As a surprising and unexpected result, when the inventive multiple-chemistry process was used to etch identical spacings sizes, features sizes and DUV photoresist thicknesses, the center of the wafer retained about 5,350 Å of the original 9,500 Å at about the center of the wafer, and the edge of the wafer retained about 5,600 Å of the original 9,500 Å. As can be appreciated, substantially more resist remained after the multiple-chemistry etch than with prior art etch chemistries. Therefore, the photoresist aspect ratio may be substantially reduced by reducing the thickness of the applied photoresist, which further reduces etch rate loading. Accordingly, using the above parameters, it is now possible to apply substantially thinner DUV photoresist layers having exemplary thicknesses as low as about 4,000 Å, and more preferably as low as about 5,000 Å. Of course, if prior art chemistries were used, the photoresist would have to be applied to much greater thicknesses in order to protect underlying features from over etching.
To further exemplify the advantageous results of the inventive multiple-chemistry approach, yet another prior art one-chemistry Cl2 /BCl3 etching process will be contrasted. By way of example, the etch rate loading produced using this prior art one-chemistry Cl2 /BCl3 etchant for an 8-inch wafer and 0.5 micron geometries has been found to be between about 25%-about 30%. That is, the etch rate in the open field regions is between about 25%-about 30% faster than that in the 0.5 micron spacings. As described with reference to FIG. 2, these high etch rate loading levels are known to cause significant damage through overetching. Under similar process parameters, the etch rate loading achieved for the inventive multiple-chemistry etch that employs, in accordance with one embodiment of the present invention, Cl2 /Ar/CHF3 as the first chemistry and Cl2 /N2 /HCl as a second chemistry, has been found to be as low as about 2%, and more typically as low as about 2.5% throughout the wafer surface.
In addition, the inventive multiple-chemistry approach has also produced up to about a 90% higher photoresist selectivity than that produced using the one-chemistry conventional etchant BCl3 /Cl2. As a result, it is now possible to substantially reduce the thickness of the photoresist which advantageously reduces the photoresist's aspect ratio. Further, when the aspect ratio is reduced, etch rate loading is also reduced.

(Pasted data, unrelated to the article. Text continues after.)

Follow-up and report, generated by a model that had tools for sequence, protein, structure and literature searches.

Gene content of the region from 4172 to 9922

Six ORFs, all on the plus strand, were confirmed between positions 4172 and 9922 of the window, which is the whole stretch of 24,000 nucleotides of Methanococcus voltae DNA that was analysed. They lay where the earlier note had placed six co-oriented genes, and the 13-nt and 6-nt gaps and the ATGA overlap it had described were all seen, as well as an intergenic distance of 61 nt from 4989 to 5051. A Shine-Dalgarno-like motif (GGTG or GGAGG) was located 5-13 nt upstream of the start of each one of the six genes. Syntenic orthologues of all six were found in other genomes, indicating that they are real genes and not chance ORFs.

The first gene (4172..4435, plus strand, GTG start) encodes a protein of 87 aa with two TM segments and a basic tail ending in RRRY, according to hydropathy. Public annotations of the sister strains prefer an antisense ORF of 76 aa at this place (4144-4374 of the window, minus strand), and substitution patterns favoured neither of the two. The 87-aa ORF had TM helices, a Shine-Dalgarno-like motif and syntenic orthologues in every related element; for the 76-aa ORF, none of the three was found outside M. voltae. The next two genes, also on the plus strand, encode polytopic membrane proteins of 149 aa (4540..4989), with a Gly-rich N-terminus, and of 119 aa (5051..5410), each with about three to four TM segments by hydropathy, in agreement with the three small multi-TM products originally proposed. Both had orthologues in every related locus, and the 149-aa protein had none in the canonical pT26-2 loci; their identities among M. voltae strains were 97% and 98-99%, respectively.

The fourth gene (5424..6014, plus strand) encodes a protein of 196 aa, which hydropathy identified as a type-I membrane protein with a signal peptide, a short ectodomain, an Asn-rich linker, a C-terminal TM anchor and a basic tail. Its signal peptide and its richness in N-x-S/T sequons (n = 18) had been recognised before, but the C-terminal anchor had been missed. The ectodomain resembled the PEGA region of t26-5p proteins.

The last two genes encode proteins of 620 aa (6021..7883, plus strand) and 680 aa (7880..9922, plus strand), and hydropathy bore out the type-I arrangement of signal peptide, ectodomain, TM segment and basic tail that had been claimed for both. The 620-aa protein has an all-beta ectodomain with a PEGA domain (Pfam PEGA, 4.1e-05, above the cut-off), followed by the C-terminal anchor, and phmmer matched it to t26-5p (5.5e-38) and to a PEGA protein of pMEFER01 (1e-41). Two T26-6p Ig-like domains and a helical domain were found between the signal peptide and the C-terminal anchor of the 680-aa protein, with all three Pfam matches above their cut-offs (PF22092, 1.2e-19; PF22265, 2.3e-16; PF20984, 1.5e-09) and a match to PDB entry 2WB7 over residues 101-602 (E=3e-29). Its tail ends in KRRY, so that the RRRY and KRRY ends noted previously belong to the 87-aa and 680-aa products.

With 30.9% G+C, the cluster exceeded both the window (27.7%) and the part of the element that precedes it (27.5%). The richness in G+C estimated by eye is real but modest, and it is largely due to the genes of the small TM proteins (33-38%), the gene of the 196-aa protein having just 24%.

It is also found that the use of the inventive multiple-chemistry etch results in overall etch rates and TiN-to-aluminum selectivity that are within commercially advantageous ranges. By way of example, the etch rate for the ARC TiN layer for the inventive multiple-chemistry etch in which Cl2 /Ar/CHF3 is employed as the first chemistry is, in one embodiment, about 11,000 (Å) angstroms/minute. The TiN-to-aluminum selectivity for the Cl2 /Ar/CHF3 is, in one embodiment, about 10:1. Further, the composite etch uniformity expressed as a statistical 3x standard distribution (i.e., of both the ARC layer etch and the bulk etch) for the aforementioned inventive chemistries is, in one embodiment, between about 10% and about 15%, and more preferably about 12%.
Etching with the second chemistry may terminate when at least a portion of the metallization layer is etched to an underlying layer. Accordingly, etching with the second chemistry may terminate when it is determined that the metallization layer is substantially etched through. In one embodiment, the metallization layer is formed of aluminum or one of its alloys, and endpoint detection is accomplished by optically monitoring the change of the 261 nm optical wavelength in the plasma, which indicates that substantially all of the aluminum metallization layer has been removed.
Once optical monitoring detects the rise of the 261 nm optical wavelength, etching with the second chemistry may terminate immediately or may be allowed to continue for a predetermined period of time, e.g., a few additional seconds, to ensure complete removal of the metallization layer material.
In step 406, the wafer undergoes additional post-etch processing steps that are conventional in nature. Thereafter, the finished wafer may be cut into dies, which may then be made into IC chips. The resulting IC chip, e.g., IC chips 352 of FIG. 3, may then be incorporated in an electronic device, e.g., any of the of well known commercial or consumer electronic devices, including digital computers.
FIG. 5 illustrates the process steps associated with etching a barrier layer with a third chemistry in accordance with one embodiment of the present invention. Although the second chemistry may extended to etch through the barrier layer, the third chemistry employed in step 405 may be better suited to etch through the remaining metallization layer and into an underlying layer. As will be described below, the third chemistry may be substantially identical to the first chemistry when the underlying layer is a Ti or TiN barrier layer. That is, the third chemistry is preferably Cl2 /Ar/CHF3. Of course, it is contemplated that the argon in the Cl2 /Ar/CHF3 chemistry may be substituted with other noble gases such as helium, krypton, xenon, and the like.